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CAAR Donates Additional Funds to Help Build Permanent Memorial

Posted: Updated: Aug 29, 2016 12:04 PM
Memorial for families and landowners displaced by the establishment of Shenandoah National Park. Memorial for families and landowners displaced by the establishment of Shenandoah National Park.
Work on a new memorial for Albemarle County families displaced by the creation of Shenandoah National Park Work on a new memorial for Albemarle County families displaced by the creation of Shenandoah National Park
ALBEMARLE COUNTY, Va. (WVIR) -

Construction is underway for a new memorial in Albemarle County.

The memorial will honor people displaced in the 1930s by the creation of Shenandoah National Park.

Wednesday, August 31, the Blue Ridge Heritage Project invited people to take a look progress made on the memorial.

The Charlottesville Area Association of Realtors (CAAR) has donated $500 to the project.

"This project was important to us because it started out as a private property rights and home ownership rights issue back in the 30s for these people who were displaced from this mountain," said CAAR Communications Chair Jack Crocker.

"When people look at the memorial I hope that they will make a connection to the people who lived on the mountain, especially folks who had family up here," said Paul Cantrel with the Blue Right Heritage Project.

The memorial lists the names of displaced landowners. It should be completed by November.

Project leaders are still looking for the names of more tenants and caretakers who lived there.

Release from Charlottesville Area Association of REALTORS:

Charlottesville, Virginia – The Charlottesville Area Association of REALTORS® (CAAR) has received a $1,500 Placemaking Micro-Grant from the National Association of REALTORS® (NAR) to help with a grassroots effort to honor the sacrifices made by Albemarle County residents and landowners who were displaced when the Shenandoah National Park was established in the 1930s.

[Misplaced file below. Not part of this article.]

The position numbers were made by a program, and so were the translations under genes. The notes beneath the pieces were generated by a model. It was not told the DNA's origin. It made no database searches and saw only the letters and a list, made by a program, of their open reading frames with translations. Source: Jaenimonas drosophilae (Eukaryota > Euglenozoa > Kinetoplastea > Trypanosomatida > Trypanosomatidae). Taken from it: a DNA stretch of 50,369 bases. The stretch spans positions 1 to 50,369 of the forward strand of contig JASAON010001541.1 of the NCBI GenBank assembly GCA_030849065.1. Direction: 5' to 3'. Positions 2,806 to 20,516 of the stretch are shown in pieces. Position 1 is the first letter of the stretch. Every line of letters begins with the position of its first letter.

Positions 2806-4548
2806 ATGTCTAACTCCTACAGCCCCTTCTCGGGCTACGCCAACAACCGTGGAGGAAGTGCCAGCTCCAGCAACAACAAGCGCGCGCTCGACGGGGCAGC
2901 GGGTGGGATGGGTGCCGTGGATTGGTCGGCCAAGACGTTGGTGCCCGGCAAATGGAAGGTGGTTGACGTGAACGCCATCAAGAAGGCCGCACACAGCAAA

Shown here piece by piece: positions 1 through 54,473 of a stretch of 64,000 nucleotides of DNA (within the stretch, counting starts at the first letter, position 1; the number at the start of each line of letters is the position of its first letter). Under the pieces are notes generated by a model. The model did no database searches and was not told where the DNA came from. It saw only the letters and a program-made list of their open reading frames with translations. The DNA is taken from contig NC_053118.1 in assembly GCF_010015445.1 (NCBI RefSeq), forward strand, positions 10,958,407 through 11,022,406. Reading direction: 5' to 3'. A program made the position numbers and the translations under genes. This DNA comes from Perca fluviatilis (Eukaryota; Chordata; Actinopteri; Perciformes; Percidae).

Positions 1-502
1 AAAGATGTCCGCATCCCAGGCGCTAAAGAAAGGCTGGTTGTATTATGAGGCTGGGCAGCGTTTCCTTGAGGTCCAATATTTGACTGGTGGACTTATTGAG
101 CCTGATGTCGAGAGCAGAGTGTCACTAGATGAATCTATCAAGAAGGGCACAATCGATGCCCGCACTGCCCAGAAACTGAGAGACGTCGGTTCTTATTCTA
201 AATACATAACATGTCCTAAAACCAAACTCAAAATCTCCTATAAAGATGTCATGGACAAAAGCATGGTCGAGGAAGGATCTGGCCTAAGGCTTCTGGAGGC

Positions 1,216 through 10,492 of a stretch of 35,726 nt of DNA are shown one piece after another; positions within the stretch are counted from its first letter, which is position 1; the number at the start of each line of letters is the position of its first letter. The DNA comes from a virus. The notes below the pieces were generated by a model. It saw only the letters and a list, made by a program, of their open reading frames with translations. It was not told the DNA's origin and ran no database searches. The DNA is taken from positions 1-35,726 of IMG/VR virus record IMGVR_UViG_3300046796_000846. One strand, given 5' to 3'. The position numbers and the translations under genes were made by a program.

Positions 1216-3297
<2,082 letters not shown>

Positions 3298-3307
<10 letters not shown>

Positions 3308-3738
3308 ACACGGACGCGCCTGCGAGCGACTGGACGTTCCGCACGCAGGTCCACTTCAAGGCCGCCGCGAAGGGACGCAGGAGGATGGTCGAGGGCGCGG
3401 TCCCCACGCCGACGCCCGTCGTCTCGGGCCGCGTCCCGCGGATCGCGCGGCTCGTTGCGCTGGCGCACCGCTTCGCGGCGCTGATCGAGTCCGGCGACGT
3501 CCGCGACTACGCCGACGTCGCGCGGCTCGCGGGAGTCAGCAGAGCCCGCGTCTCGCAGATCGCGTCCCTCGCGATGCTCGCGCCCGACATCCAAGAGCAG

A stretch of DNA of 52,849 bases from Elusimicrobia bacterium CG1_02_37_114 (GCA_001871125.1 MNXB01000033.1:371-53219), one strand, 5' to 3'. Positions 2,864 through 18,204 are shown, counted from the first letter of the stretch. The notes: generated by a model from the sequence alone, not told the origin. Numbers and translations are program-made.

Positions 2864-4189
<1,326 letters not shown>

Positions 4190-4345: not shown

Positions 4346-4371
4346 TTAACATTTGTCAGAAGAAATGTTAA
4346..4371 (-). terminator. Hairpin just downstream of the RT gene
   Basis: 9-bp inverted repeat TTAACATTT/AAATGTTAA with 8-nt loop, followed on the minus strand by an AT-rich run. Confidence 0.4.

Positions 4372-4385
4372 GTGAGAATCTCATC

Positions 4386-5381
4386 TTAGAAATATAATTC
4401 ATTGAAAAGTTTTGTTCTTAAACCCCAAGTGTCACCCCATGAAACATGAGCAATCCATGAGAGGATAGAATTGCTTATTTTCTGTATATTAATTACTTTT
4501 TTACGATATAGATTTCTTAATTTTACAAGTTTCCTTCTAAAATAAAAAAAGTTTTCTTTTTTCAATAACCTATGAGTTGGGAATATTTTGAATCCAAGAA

In addition to the grant money received, CAAR will also make a $500 donation to the project.

The Albemarle Blue Ridge Heritage Project (ABRHP) will consist of a memorial and shelter within the Patricia Ann Byrom Forest Preserve Park in the Blackwells Hollow area of western Albemarle. The memorial will be a monument, in the form of a stone chimney, with a plaque honoring the families and their sacrifices. Additionally, the Albemarle project intends to build a shelter that will include information panels and can be used for mission-related cultural events.

“CAAR is a huge advocate for the protection of private property and homeownership rights,” said Donna Patton, CAAR president. “Once CAAR learned about the proposed memorial in Madison County last year to honor those families that were displaced when the Shenandoah National Park was established, there was no hesitation that we wanted to be involved. The same commitment rings true for the Albemarle County memorial project, and the future memorials in the other six counties that the Shenandoah National Park impacted.”

”This is a grassroots effort to honor families who lost their homes in western Albemarle, so it’s especially gratifying to have this generous support from the home experts in the Realtor® community,” remarked Paul Cantrell, ABRHP Steering Committee chair.

The permanent memorial is already underway and local media is invited to view its progress on Wed., August 31 at 10 a.m. The memorial chimney is expected to be completed in early November of this year and the shelter by spring 2017. An update on the exact date and time of the revealing will be communicated when available.

If you would like to donate money to this memorial project, please visit www.blueridgeheritageproject.com/albemarle.

About the Blue Ridge Heritage Project:
The Blue Ridge Heritage Project’s vision is to build a memorial in each of the following counties: Albemarle, Augusta, Greene, Madison, Page, Rappahannock, Rockingham, and Warren. As of now, the Madison County memorial is complete and can be seen in at the Old Criglersville Elementary School. The memorials hope to encourage historical and cultural tourism to each area and educate visitors about the people who lived in the area of the Blue Ridge Mountains before the Shenandoah National Park was established.

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